Microsoft KB Archive/43215
Internal Stack Error General Stack Resource Information PSS ID Number: Q43215 Article last modified on 06-04-1993 PSS database name: W_Win3
|The information in this article applies to:|
|- Microsoft Windows operating system version 3.0|
This article provides general information about stack resources and errors involving stack resource problems.
When available stack resources are exceeded by a rapid succession of hardware interrupts, the following error message is displayed:
FATAL: Internal Stack Failure
The problem is that MS-DOS does not always have enough stack space available for interrupt routines. Network cards, in particular, can generate many interrupts rapidly.
You can increase your stack size and number at system initialization time by using the MS-DOS “STACKS=n,s” entry (the entry is named STACK in Versions 3.20 and 3.21, and STACKS in Versions 3.30 and later) in the CONFIG.SYS file. The number of stack frames is “n”. The default number of stack frames is 9. The range of values for “n” is from 8 to 64.
The size (in bytes) of each stack frame is “s”. The default size of each stack frame is 128 bytes. The range of values for “s” is from 32 to 512 bytes.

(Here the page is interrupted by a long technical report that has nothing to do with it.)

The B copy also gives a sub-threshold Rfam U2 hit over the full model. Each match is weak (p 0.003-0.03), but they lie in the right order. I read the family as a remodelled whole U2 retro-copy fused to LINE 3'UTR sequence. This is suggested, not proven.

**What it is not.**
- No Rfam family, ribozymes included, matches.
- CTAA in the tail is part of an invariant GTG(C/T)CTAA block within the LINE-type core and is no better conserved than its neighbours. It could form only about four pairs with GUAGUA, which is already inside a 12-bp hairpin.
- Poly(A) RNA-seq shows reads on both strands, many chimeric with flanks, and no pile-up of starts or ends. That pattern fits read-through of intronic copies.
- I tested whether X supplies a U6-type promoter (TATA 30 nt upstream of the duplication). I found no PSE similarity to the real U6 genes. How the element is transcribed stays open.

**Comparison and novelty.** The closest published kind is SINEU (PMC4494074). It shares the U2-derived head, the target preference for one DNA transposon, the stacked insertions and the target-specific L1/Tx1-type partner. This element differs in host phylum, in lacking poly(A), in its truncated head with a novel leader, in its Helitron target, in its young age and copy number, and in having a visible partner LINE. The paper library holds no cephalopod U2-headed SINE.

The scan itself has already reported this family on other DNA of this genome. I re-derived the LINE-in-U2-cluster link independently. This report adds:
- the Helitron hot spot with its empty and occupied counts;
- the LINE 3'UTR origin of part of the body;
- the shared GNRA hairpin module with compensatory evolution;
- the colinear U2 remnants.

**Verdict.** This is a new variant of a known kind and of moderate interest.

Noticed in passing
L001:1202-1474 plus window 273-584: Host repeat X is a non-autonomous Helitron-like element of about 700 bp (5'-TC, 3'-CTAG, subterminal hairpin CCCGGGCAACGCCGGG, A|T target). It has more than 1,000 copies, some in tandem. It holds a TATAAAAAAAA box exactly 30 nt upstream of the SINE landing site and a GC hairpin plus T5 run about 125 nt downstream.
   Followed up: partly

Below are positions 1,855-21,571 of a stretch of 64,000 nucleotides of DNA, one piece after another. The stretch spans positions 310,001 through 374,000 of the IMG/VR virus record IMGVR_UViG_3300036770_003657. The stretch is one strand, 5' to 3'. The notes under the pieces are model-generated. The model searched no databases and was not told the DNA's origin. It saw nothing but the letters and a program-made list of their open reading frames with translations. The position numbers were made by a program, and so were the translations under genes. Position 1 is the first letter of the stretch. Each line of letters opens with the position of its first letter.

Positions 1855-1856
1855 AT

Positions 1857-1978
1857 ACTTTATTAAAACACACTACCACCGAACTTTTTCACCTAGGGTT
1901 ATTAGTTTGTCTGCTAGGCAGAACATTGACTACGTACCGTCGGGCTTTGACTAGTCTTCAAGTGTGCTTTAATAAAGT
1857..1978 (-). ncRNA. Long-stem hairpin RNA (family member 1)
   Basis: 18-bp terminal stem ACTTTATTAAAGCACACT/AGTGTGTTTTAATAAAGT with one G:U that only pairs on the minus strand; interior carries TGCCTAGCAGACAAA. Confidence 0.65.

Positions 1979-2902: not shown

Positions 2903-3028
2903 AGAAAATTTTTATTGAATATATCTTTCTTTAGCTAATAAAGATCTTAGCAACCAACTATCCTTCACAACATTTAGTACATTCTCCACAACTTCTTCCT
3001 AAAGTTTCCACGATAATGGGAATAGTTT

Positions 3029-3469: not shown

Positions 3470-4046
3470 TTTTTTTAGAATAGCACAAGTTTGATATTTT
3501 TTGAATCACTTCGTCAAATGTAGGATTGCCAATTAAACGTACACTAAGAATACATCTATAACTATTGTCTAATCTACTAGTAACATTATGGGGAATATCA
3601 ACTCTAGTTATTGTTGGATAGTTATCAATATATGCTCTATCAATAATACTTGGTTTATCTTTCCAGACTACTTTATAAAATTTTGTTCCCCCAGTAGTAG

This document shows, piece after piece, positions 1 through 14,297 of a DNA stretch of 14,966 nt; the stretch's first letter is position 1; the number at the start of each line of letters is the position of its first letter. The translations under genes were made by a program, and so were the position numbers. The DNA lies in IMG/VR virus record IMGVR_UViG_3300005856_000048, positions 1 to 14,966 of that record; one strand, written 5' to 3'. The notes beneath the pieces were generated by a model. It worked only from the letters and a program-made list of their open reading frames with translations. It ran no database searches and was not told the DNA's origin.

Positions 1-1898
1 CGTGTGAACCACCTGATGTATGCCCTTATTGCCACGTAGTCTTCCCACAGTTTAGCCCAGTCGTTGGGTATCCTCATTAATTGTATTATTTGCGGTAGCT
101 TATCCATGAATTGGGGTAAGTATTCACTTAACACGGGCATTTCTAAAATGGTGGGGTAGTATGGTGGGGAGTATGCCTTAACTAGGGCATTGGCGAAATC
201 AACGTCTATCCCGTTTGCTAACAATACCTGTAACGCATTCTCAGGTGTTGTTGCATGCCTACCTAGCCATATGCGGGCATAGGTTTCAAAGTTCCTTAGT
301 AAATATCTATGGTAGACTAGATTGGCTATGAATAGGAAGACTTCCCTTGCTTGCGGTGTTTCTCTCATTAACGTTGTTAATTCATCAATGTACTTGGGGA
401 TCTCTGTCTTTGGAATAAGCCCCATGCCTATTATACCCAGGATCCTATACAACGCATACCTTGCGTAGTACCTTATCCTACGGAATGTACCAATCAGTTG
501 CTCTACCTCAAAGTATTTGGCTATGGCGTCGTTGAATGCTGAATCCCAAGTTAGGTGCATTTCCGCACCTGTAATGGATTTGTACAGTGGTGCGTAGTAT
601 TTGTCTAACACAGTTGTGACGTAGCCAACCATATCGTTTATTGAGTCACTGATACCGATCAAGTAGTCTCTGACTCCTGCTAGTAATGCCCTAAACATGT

Please note that increasing stack resources reduces available memory. You should increase the number of stacks first when trying to alleviate the stack error condition.
Each time a hardware interrupt occurs, MS-DOS allocates one frame from the stack pool. After the interrupt has been processed, MS-DOS returns the frame to the stack pool.
When you run Windows, you may receive a message that your system has run out of stacks. This problem can be corrected by adding a stacks= line to your CONFIG.SYS file. If you have DOS Version 3.30 on your computer, add the following line to your CONFIG.SYS file:
If you have DOS Version 3.20 on your computer, add the following line to your CONFIG.SYS file:
This problem does not occur with versions of DOS earlier than 3.20.
Additional reference words: 3.00 win30
Copyright Microsoft Corporation 1993.